|Baldwin, Elizabeth - Liz|
Submitted to: Journal of the American Society for Horticultural Science
Publication Type: Peer Reviewed Journal
Publication Acceptance Date: 8/25/2000
Publication Date: 12/26/2000
Citation: N/A Interpretive Summary: Fruit flavor is generally made up of sweetness, sourness, and aroma from a sensory standpoint corresponding to sugars, acids, and flavor volatile components biochemically. It is not understood how these components interact to give an overall flavor for a particular fruit, in this case mango. This study used taste testers to rate various flavor attributes of mango and related their findings to chemical measurements for sugars and acids. It was observed that the amount of sugar in mango affected human perception of sweetness, all aromatics and other flavor factors while the amount of acid affected perception of sweetness and peachy aroma among other quality factors.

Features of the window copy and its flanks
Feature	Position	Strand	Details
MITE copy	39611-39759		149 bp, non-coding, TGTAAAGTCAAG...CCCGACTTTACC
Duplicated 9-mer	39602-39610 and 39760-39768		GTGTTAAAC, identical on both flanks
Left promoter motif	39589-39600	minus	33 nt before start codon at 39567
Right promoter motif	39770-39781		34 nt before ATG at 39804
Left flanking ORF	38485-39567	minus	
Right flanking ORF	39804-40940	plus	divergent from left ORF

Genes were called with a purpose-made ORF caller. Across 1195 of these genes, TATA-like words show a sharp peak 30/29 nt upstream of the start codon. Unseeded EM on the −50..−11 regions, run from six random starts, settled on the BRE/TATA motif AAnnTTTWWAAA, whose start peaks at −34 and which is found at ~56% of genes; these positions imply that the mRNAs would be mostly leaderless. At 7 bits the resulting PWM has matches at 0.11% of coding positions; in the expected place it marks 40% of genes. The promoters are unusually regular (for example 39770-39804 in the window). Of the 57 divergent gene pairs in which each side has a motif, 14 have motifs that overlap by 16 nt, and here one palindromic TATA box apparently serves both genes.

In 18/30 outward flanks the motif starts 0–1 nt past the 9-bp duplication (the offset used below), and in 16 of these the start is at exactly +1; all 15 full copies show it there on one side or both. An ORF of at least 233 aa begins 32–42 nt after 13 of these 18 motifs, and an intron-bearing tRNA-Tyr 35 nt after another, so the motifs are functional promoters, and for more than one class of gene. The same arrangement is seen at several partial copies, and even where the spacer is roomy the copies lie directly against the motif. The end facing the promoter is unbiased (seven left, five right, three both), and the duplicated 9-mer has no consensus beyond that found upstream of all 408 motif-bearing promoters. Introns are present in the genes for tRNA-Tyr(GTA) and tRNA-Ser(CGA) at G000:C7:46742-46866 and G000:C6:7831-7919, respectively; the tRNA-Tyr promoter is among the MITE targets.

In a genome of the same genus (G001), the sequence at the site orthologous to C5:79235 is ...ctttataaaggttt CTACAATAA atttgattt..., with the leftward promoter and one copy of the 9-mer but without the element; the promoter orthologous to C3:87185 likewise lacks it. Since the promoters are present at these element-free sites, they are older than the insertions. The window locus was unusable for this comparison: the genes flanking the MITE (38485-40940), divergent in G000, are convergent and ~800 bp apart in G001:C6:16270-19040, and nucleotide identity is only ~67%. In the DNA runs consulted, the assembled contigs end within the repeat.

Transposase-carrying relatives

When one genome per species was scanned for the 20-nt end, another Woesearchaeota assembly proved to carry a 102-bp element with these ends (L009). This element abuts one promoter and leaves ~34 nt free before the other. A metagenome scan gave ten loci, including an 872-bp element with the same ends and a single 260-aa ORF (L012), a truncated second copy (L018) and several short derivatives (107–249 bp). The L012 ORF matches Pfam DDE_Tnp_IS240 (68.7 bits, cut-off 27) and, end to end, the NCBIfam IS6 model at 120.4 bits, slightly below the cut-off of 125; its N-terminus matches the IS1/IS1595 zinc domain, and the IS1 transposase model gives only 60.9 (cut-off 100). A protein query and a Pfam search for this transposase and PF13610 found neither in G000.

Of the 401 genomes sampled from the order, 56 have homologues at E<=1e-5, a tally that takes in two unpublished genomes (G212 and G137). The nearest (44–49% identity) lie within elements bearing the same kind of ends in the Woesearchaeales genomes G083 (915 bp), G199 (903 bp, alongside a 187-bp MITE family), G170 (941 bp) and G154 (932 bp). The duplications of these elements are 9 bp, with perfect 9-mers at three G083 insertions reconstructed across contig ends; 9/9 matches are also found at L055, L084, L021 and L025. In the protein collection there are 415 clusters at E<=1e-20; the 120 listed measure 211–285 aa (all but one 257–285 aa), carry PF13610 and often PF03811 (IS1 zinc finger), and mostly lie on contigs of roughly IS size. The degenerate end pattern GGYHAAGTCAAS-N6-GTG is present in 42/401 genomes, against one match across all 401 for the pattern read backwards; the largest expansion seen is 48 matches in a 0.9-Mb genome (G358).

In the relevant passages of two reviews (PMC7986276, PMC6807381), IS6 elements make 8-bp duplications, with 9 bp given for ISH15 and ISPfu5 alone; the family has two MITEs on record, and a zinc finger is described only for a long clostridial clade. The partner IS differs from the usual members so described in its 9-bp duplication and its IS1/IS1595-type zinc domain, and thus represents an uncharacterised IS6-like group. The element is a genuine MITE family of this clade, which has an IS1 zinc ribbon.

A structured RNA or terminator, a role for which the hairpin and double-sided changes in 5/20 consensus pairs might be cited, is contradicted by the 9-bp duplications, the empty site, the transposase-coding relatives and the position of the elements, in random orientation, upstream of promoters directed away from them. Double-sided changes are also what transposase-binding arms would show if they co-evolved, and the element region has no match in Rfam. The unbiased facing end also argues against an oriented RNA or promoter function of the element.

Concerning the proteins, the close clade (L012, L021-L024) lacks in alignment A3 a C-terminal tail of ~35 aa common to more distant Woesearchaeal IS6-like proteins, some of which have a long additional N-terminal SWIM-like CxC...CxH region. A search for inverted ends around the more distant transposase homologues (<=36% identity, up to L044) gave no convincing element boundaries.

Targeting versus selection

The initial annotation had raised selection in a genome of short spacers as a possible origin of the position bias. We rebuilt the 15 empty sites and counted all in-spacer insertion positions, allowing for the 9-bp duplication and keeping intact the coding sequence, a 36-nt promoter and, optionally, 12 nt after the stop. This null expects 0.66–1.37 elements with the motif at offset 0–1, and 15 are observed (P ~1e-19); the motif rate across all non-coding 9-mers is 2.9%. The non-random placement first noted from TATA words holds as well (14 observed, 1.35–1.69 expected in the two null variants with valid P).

Technical Abstract: Effects of sugar and acid on mango flavor perception were determined. Twelve treatments, identified using a constrained simplex lattice mixture design, were formulated by adding sugar (60%), citric acid (40%), and water to 50% mango homogenate. Using 150-mm unstructured line scales, a trained panel evaluated the treatments according to 11 flavor descriptors. Titratable acidity (TA), pH, and total soluble solids (TSS) were determined. Acid concentration affected ratings for sweet, peachy, astringent, and biting. Except for sour taste, all descriptors were affected by sugar content. Increasing water increased intensities of all flavor notes. pH, TA and TSS/TA correlated (p<0.01) with flavor properties sour, astringent, and biting.